World Bulletin / News Desk
Elor Azaria, 18, was convicted after Judge Col. Maya Heller said he had "needlessly" shot Abdul-Fattah Sharif, leading to the latter’s death.
The court rejected arguments by the soldier’s defense team that Sharif had already died of wounds sustained earlier when he was shot by Azaria.
Sharif had already been injured and disarmed after allegedly carrying out an attack -- during which a second Palestinian was also killed -- in the Israeli-occupied West Bank city of Hebron last March.
Azaria later claimed that he had feared Sharif had been carrying a bomb at the time.
The court, however, found that there had been no imminent threat to the soldier, meaning he violated the Israeli security forces’ so-called "rules of engagement" when he shot the already-injured Palestinian.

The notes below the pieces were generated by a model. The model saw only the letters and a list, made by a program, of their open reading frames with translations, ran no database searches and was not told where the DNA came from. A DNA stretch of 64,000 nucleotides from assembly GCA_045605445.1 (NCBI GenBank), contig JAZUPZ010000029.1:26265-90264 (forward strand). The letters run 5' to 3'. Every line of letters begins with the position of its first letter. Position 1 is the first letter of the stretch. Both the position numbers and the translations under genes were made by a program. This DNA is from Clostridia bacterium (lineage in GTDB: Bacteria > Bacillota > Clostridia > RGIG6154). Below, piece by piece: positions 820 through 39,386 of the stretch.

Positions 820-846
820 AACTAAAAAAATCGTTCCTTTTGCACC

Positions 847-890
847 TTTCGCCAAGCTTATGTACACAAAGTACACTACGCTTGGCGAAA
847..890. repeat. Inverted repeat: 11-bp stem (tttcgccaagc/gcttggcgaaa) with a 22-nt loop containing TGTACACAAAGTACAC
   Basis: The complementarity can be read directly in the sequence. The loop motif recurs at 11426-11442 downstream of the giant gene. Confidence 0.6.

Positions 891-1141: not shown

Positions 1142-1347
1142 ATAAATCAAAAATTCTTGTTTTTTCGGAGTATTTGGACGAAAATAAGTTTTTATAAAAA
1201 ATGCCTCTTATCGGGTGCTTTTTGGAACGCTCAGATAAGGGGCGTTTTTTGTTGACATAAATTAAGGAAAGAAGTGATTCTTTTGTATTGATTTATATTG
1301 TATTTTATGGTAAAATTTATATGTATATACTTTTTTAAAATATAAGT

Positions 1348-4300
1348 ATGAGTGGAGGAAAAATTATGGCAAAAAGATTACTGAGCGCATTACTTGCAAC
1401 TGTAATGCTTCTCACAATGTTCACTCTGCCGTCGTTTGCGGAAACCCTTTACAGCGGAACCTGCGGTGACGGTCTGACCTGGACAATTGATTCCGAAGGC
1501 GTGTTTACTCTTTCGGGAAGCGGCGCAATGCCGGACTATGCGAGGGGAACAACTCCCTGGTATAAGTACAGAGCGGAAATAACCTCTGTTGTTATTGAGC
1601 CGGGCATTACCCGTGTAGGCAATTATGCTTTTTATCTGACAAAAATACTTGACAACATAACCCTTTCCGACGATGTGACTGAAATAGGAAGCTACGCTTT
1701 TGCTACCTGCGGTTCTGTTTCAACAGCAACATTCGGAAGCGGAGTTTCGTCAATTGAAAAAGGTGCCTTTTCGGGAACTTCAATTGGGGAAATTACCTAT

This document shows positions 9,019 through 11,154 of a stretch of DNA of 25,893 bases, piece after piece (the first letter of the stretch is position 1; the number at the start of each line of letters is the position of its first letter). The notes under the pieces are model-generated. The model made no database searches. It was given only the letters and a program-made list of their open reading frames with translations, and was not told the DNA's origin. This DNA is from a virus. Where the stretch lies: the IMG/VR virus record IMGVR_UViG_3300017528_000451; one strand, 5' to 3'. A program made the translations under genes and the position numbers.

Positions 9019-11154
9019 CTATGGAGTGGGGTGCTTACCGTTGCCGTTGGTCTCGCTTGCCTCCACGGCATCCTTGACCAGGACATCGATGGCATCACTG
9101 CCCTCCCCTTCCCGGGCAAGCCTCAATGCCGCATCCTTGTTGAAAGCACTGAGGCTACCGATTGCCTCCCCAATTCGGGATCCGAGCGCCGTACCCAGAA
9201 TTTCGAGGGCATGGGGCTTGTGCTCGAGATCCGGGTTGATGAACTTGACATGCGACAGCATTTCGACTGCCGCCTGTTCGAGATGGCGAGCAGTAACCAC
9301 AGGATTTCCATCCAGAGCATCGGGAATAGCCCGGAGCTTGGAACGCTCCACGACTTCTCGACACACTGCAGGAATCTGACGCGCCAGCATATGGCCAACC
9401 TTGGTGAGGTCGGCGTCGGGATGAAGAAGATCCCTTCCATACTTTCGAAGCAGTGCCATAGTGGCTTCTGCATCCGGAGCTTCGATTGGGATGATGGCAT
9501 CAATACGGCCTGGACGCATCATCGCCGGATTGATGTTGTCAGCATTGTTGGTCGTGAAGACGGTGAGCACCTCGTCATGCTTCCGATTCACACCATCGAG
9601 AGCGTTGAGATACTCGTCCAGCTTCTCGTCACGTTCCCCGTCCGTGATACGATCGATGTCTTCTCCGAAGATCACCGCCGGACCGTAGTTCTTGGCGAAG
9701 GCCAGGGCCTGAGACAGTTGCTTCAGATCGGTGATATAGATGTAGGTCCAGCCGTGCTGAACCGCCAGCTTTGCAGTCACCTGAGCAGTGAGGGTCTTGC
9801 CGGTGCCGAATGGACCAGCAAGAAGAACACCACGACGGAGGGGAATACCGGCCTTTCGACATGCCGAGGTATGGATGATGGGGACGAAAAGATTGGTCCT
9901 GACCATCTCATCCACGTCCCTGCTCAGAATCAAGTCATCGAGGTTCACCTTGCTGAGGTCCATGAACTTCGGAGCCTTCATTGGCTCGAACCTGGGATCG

The court dismissed most of Azaria's argument, describing it as "evasive", including claims he had suffered psychologically.
The shooting incident was caught on camera by a Palestinian activist, leading to a split within the Israeli government after the military moved to prosecute Azaria despite vocal opposition from Israel’s far right -- including Prime Minister Benjamin Netanyahu.
Following Wednesday’s verdict, Arab-Israeli lawmaker Ayman Odeh declared that the "criminal occupation [of the Palestinian territories] has produced the likes of Azaria", going on to assert that hundreds of similar incidents had not been caught on film.
On Tuesday, Israeli army chief Gadi Eisenkot insisted that Azaria should not be treated by Israeli society as "everyone's child", stressing that he was a soldier obliged to adhering to acceptable military conduct.
In contrast, right-wing education minister and head of the Jewish Home party Naftali Bennett has called for Azaria to be immediately pardoned -- even if he was found guilty of manslaughter.
The court has not yet sentenced Azaria, who is expected to appeal the guilty verdict.